“I just continue to ask for people’s patience and understanding… The difficulty comes in making a good decision that’s both responsible and reasonable,” Stockdale said. “People just have to understand that this is about containment and prevention.”


BCLUW Superintendent Ben Petty said that he’s still waiting for more guidance from state officials, and the district does plan to offer distance-learning activities while sending devices home with students. Petty is not sure of how the district’s employees will be affected at the present time.


“We still have to figure out some things on that and see what the legislature does as far as emergency unemployment,” he said. “That’s been my answer to a lot of things is that we’ve got to wait until we get more guidance to see how we move forward.”


At press time, G-R Superintendent David Hill had not responded to a request for comment. A statement on the AGWSR website indicated that all buildings are closed, breakfast and lunch offerings will be made available to students, K-5 students will be allowed to pick up devices for online learning programs on Thursday from 2 to 7 p.m. and resources will be available online for distance learning.


G-R has issued a “question and answer” document with information on a host of topics. Some highlights include the fact that district offices will remain open (but only “essential staff” will be allowed to work during the closure), G-R will not be offering meals during the shutdown and G-R will not be offering distance learning programs.


The state legislature, which is now suspended for 30 days, met in emergency session on Monday and will not require districts to make up the lost days as part of the yearly 1,080 hour requirement. Speaker of the House Pat Grassley, who resides in rural New Hartford and sends his children to D-NH, told The Grundy Register that while the situation is constantly changing, the legislature, in conjunction with the governor, is doing its best to err on the side of caution.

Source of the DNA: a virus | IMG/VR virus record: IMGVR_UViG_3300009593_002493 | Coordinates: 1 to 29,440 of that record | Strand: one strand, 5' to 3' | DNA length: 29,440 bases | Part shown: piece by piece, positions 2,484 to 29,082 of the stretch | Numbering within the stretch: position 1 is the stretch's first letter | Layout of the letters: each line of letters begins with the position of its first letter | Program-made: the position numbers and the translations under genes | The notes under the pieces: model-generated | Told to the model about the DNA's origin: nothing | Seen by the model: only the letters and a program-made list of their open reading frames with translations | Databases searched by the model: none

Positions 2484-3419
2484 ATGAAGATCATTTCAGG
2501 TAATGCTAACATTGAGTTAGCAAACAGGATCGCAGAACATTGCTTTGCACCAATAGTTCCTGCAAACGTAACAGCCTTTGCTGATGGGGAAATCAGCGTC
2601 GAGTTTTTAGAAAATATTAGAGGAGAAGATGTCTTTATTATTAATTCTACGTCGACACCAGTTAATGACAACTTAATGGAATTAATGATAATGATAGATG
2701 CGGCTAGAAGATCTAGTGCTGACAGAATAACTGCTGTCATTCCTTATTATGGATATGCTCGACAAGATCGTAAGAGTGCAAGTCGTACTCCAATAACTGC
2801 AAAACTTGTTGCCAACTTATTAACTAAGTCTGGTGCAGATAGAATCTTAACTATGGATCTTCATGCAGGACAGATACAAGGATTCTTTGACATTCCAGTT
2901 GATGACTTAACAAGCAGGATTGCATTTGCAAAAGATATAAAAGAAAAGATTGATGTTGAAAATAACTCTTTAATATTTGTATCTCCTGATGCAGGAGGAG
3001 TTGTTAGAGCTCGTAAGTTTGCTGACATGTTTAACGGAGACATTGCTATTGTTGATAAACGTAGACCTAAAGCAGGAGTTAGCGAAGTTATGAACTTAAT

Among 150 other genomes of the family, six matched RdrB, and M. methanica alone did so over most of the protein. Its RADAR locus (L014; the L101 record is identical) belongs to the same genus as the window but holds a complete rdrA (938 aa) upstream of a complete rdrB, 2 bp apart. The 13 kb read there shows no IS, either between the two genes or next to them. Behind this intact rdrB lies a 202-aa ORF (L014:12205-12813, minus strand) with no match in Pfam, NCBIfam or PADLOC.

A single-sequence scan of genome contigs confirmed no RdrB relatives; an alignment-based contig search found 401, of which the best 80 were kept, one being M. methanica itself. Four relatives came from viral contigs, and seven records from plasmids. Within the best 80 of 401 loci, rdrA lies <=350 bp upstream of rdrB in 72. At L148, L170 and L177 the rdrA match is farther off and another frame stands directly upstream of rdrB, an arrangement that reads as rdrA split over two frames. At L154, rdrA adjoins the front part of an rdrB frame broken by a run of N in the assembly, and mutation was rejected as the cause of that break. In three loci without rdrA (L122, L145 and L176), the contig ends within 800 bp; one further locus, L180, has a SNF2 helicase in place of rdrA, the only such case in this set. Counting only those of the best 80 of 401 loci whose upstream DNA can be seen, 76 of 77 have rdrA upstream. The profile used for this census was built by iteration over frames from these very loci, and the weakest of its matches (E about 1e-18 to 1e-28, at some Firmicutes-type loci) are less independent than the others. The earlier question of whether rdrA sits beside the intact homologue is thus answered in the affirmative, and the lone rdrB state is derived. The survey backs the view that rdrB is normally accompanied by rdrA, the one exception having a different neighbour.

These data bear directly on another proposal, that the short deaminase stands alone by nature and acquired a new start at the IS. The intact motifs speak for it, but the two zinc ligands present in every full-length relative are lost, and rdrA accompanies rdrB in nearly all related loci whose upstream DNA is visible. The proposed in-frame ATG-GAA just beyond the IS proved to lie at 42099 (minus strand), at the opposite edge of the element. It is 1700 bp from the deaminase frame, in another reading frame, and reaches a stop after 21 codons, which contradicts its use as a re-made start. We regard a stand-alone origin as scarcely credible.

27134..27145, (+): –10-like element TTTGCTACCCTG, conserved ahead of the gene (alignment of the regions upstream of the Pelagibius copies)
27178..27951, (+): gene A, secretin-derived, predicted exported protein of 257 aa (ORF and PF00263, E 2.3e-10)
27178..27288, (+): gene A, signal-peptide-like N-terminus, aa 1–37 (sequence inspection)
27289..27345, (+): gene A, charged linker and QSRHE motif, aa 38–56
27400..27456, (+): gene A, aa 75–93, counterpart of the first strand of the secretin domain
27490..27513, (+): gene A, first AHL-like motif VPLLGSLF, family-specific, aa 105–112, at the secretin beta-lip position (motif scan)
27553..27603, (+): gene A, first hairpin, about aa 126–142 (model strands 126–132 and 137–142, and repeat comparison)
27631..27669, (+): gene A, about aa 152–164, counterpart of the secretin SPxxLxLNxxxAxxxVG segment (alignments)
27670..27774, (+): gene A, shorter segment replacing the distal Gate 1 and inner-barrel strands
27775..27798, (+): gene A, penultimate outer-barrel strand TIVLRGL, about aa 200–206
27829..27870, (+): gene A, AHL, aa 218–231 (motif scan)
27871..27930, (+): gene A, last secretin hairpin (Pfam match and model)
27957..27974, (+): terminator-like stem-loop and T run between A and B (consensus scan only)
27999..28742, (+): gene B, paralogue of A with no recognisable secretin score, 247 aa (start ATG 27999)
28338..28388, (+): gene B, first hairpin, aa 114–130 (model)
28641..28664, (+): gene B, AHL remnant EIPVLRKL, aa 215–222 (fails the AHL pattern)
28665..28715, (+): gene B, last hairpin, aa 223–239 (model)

“As we’re making these decisions, they have to be based in facts,” Grassley said. “If you’re going to use facts and recommendations from the experts, you have to apply it to each case.”


Grassley, a Republican, began his first term as Speaker of the House in January, and he joked that his predecessor, Linda Upmeyer, never walked him through handling a nearly unprecedented outbreak across the country.


In regards to unemployment benefits for affected employees, Grassley noted that Governor Reynolds could access approximately $20 million from the state’s economic emergency fund without legislative approval, but the House and Senate did not pass any sort of comprehensive aid package during the emergency session.


“There just is no roadmap. Thankfully we have enough technology that we can still communicate with each other,” Grassley said.


The situation is changing by the day, and anyone who may be experiencing symptoms of the virus or is seeking more information is encouraged to call the 2-1-1 hotline.